'Let's Jam'! 'Cowboy Bebop' Celebrates 20th Anniversary at NY Comic-Con

Cowboy Bebop characters
The main characters of the anime series "Cowboy Bebop." (Image credit: Funimation Films/Sunrise Studios)

NEW YORK — Find your nearest interplanetary gateway! The acclaimed anime series "Cowboy Bebop" is celebrating its 20th anniversary in style at New York Comic-Con. 

On Thursday (Oct. 4), four creators of the original Japanese "Cowboy Bebop" and two of the show's American voice-over actors gathered at the Jacob Javits Center here to answer questions about the legacy of the futuristic, neo-noir space drama. Sunrise Studios developed the classic anime series that first aired in Japan in 1998, directed by Shinichiro Watanabe.

Set in 2071, "Cowboy Bebop"'s 26 episodes and full-length movie use jazz music, impressive technical design and haunting dialogue to tell the stories of the bounty-hunting crew aboard the spaceship Bebop. In this vision of the future, most humans have moved off Earth and live across the solar system, including on Venus and Jupiter's moons. Hyperspeed gateways act as cosmic highways to bring people back and forth across great distances, and this addition makes the timelines in "Cowboy Bebop" more believable. For instance, our neighbor Mars is, in reality, about a six-month journey from Earth for modern spacecraft, and that's when both are at their closest points to each other — but in the show they can get there much more quickly. [New York Comic-Con 2018: Space Panels to Watch For]

The American and Japanese panelists repeatedly paid compliments to their international counterparts. Each attributed part of their deep connection with the show to those across the ocean. 

Steve Blum is the English voice actor for the show's lead character, Spike Spiegel. When asked about the success of the show, Blum said, "there was nothing like 'Cowboy Bebop' at the time" in the United States. 

"It seemed to be a great crossover show because it had so many elements from all over the world that people could connect to," Blum added. In the same vein, scriptwriter Dai Soto complimented fellow series writer Keiko Nobumoto for sticking up for her visions of keeping diverse demographics for the characters in the series. Soto said that having this event in New York was especially meaningful because he sees it as a diverse city.

Nobumoto said "Cowboy Bebop"'s success in the United States makes some sense and might be the completion of one big, strange loop. Nobumoto said she grew up watching American shows like "Bewitched" and "Sesame Street," and incorporated some of those elements into her writing.

In the episode "Wild Horses," a space shuttle flight plays a dramatic role. Kimitoshi Yamane a mechanical designer on the show, said on Thursday that a fellow creator and "Star Trek" fan wanted to name the shuttle Enterprise. Yamane said Enterprise would have been OK as the name, but audiences who know a lot about spaceflight would remember that the real shuttle Enterprise rode on top of a jumbo jet and had no engines. Columbia was the name designers ultimately chose for the shuttle; the episode aired in 1999, years before the Columbia shuttle disaster that killed all seven crew members in 2003.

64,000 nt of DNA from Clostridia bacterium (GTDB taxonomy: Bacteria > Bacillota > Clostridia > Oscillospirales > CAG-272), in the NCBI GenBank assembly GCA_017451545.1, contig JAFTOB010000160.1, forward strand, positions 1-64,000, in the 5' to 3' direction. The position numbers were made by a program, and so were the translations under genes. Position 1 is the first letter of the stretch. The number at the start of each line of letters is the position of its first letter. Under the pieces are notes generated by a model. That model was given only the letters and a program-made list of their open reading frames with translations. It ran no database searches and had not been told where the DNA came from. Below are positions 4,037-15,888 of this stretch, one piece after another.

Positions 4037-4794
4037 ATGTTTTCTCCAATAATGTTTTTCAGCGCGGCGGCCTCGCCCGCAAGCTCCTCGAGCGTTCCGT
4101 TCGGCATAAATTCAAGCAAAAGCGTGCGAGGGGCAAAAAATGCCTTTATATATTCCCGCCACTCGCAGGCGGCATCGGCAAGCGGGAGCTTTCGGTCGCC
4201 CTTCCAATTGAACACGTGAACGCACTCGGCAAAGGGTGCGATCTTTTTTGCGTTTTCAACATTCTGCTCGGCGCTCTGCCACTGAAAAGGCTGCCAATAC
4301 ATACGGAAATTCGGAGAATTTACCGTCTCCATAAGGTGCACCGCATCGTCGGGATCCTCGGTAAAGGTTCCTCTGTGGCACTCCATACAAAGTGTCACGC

Unshō Ishizuka, the Japanese voice actor for character Jet Black, died earlier this year. "Thank you, Jet!" Nobumoto said midway through the panel as they answered questions about a series revival. Jet Black is a character born on Ganymede, one of Jupiter's moons.

At the start of the event, the panel moderator announced special "Cowboy Bebop" 20th anniversary merchandise. In the series, Spike steered a spacecraft called the Swordfish II. Representatives from Funimation Productions, the American distributor of the series, debuted a new 1/48 model of this red vehicle moments before Thursday's panel discussion began. They highlighted the Exclusive Collector's Edition, which has sold out. 

You can order an Amazon.com exclusive edition of "Cowboy Bebop: The Complete Series" here.

Follow Doris Elin Salazar on Twitter@salazar_elin. Follow us @Spacedotcom, Facebook and Google+. Original article on Space.com.

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Doris Elin Urrutia
Contributing Writer

Doris is a science journalist and Space.com contributor. She received a B.A. in Sociology and Communications at Fordham University in New York City. Her first work was published in collaboration with London Mining Network, where her love of science writing was born. Her passion for astronomy started as a kid when she helped her sister build a model solar system in the Bronx. She got her first shot at astronomy writing as a Space.com editorial intern and continues to write about all things cosmic for the website. Doris has also written about microscopic plant life for Scientific American’s website and about whale calls for their print magazine. She has also written about ancient humans for Inverse, with stories ranging from how to recreate Pompeii’s cuisine to how to map the Polynesian expansion through genomics. She currently shares her home with two rabbits. Follow her on twitter at @salazar_elin.